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Last weekend the neighbor came over, we where talking, we started talking about knives and he said the Illinois law is that you can carry any knife as long as the blade was not longer than the palm of your hand, this seemed like a strange law to me, while reading this thread, I thought lets see if I can find out what the laws are in different states. I found this website. This is not a official site, so take it with a grain of seasoning.




I read a few of the different states laws regarding knifes, and now I have a headache!

What I got out of the Illinois law is that if you have a knife over 3 inches and commit a crime with it, it is considered a felony, if you do not commit a felony with any size knife, you can carry it?!?!?

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I'm right with anarchist on this one... I'm trained in basic water rescue... my personal PFD has a strobe and a knife on it...


I don't think my troop allows sheath knives, BUT a locking knife is recommended/required.



I'm thinking about getting a small sheath knife at some point...


Until then, I'll stick with the El Cheapo lockback knives I've found at a local hardware store for 5-10 bucks a piece. I tend to lose them easily.



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If I remember correctly, there was a law past in London; that an Irishman could not carry a stick nor stone within the City limits of London.


It is time that we get back to Traditional Scouting, of Outdoor Lore and Woodcraft, back to the basics, there are times when a folding knife is all that is needed then there are times when a sheath knife is called for, these are tools.

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My answer to the Irish law was that carrying a rock or a stick generally meant that they were to be used regarding English policies not easily forgotten nor forgiven.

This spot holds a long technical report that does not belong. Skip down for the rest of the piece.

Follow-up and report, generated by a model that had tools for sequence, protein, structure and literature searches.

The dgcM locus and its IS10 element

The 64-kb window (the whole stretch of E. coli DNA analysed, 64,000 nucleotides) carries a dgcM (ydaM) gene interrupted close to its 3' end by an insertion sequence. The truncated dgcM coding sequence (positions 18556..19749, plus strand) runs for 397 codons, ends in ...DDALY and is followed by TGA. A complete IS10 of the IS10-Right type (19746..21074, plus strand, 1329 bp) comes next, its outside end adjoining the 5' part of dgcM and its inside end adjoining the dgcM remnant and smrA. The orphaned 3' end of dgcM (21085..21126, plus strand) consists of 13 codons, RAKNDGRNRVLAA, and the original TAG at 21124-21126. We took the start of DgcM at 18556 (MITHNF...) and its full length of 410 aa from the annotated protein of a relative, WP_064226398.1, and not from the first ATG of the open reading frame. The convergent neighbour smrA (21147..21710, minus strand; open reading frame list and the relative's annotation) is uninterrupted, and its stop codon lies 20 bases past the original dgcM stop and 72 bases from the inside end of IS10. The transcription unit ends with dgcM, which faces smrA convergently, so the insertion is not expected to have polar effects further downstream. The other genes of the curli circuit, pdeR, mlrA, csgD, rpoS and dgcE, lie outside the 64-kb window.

As far a sheath knives go, I have a 6 inch Scout sheath knife that I carry in my pack for preparation of a few meals. I carry a Swiss Army knife on my belt. I suppose that if I fall there is a danger of the toothpick falling out and me not finding it again.


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In case no one else said it, welcome to the forums Polarbear.

I carried a sheath knife for years, an official BSA abomination that couldn't hold an edge for anything. It eventually splashed in a deep lake in 1973 and I have never missed it. I have done everything I needed to do since with my Kabar stockman. And it holds an edge better than anything else I have ever owned.

Yes, we have knives in the cook kits. Yes, fillet knives in tackle boxes. Both are used for those specific purposes...and not carried otherwise.

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  • 5 months later...

So we have a policy on "large sheath knives." They are discouraged as unnessary. Safety is not mentioned. (It should be as, being edged, they present safety issues.)


The most frequent injury with a woods tool is being cut with a slipjoint knife.


The hand axe is probably the most dangerous woods tool considering the geometry of use and the severity of injury. It shears. It's use is allowed in every council known to me to ban fixed-blade knives.


Boys will encounter fixed-blade knives in their lives.


A large fixed-blade knife is sold by the BSA as a Chef's Kit component.


Many folding knives sold today (see "Ninja, Mall Variety") are larger than many fixed-blade knives and clearly designed as weapons.


Scouting is an educational organization.


Draw a line under this and add it up. For me, it means that we should be training Scouts to safely and responsibly carry and use fixed-blade knives. In that context, we can deal with knives sold with unsafe sheaths.

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